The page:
Ah, the romance of travel!
From the Wind in the Willows, Kenneth Grahame, 1908
“'I'm a seafaring rat, I am, and the port I originally hail from is Constantinople, though I'm a sort of a foreigner there too, in a manner of speaking.”
After a meal and some red wine, the rambling Sea Rat spoke with vibrancy to his domestically inclined new friend, the Water Rat, about the adventures to come:
“We shall break out the jib and the foresail, the white houses on the harbour side will glide slowly past us as she gathers steering-way, and the voyage will have begun! As she forges towards the headland she will clothe herself with canvas; and then, once outside, the sounding slap of great green seas as she heels to the wind, pointing South!
“And you, you will come too, young brother; for the days pass, and never return, and the South still waits for you. Take the Adventure, heed the call, now ere the irrevocable moment passes!' 'Tis but a banging of the door behind you, a blithesome step forward, and you are out of the old life and into the new!”
Despite being sorely tempted, the Water Rat stayed at home with his friends and familiar comforts. But many others have become wayfarers, heeding the call of the road, wave or wind, for one reason or another, including myself, and perhaps you as well, dear reader.
Many travelers of old set sail to go “where no one had gone before”, like the great captains of the Age of Discovery, from Vasco de Gama to James Cook: men of vision, energy, navigational and leadership skills - and bloody-minded determination. Doubtless their motivations were varied and personal. But they often involved glory: personal fame and wealth that came hand in hand with the success of their empire, as they claimed new lands they mapped, and were quickly followed by conquerors and plunderers. Or were they traders? That line has been rather blurry at times.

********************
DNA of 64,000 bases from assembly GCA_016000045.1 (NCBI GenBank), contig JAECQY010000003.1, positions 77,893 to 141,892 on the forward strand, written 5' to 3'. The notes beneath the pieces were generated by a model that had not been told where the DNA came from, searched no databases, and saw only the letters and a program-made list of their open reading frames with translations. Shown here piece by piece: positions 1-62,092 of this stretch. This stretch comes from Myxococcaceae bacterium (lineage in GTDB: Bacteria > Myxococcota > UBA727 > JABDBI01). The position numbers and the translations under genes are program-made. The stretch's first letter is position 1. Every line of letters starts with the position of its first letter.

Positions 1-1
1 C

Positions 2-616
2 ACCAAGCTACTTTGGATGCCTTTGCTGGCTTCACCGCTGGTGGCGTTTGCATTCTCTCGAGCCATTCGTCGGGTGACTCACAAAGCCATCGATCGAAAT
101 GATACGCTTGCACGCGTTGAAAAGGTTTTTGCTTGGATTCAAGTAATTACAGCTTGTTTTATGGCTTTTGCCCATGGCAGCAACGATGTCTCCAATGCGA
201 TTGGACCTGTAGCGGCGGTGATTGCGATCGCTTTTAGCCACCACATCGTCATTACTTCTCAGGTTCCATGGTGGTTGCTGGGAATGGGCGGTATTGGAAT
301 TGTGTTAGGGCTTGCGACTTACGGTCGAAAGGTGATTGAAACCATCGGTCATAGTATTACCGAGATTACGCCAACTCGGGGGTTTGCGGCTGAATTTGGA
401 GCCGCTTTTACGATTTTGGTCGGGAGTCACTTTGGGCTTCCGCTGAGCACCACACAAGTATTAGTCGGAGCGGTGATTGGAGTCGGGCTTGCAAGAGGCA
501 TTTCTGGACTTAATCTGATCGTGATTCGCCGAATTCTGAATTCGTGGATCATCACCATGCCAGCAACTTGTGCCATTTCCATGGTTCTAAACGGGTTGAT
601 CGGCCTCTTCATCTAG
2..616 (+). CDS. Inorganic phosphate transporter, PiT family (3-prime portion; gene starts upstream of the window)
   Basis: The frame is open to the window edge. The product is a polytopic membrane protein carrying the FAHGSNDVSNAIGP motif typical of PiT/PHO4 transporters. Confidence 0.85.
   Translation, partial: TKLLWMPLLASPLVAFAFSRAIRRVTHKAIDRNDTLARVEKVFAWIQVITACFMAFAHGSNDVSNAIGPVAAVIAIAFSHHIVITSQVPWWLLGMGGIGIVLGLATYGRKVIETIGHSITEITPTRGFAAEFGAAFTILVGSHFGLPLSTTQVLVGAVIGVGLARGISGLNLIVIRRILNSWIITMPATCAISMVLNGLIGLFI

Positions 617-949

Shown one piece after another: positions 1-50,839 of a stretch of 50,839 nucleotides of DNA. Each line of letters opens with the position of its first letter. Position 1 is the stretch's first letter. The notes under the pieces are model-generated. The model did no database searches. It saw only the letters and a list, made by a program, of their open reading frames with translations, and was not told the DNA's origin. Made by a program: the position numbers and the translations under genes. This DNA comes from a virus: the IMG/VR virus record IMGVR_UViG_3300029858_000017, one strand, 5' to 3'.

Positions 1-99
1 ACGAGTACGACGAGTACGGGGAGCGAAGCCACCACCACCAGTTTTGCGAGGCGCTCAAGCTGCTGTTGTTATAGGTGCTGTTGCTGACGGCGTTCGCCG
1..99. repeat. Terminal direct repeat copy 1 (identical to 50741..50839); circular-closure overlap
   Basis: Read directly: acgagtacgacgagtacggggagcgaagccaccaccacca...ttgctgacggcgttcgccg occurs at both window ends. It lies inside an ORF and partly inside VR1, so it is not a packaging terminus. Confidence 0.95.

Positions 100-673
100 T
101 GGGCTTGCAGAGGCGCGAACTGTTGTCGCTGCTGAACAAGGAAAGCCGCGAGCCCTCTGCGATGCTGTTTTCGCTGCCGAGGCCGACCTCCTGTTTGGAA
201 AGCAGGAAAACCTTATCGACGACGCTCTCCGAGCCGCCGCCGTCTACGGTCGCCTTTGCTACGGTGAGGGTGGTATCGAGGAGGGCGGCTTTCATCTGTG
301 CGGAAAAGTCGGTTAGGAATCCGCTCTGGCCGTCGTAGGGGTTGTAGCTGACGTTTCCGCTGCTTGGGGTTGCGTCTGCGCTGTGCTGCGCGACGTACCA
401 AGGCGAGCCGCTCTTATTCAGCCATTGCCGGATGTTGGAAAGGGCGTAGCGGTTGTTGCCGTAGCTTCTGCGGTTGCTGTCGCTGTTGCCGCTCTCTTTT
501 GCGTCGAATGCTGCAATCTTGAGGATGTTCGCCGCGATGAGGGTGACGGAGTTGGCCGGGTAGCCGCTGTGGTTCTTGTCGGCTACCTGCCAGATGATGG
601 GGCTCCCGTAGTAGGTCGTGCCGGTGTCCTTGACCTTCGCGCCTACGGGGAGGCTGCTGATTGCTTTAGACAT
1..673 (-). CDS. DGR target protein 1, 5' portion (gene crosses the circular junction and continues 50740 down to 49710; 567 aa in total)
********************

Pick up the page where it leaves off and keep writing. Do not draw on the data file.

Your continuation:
Then there were the missionaries and scholars like the brilliant Jesuit scholar Matteo Ricci, who mastered the arts of Chinese language and diplomacy in Macau, China, and in fact developed a cross-cultural approach to Christianity. His goal was doubtless for the glory of the Church. Other missionaries followed the explorers, conquerors and traders. Some went off to live in grand cathedrals. Humbler souls went to “native” villages, to lead brown people away from their many gods, curtail habits like headhunting and cannibalism, and teach them to sing “Onward Christian Soldiers!” in tiny churches under the mango trees.
Yes, these explorers, conquerors, traders and missionaries – wayfarers all - were often so pig headedly sure of their own rightness and superiority that they rarely credited the “heathens” and “savages” with the same degree of humanity they claimed for themselves.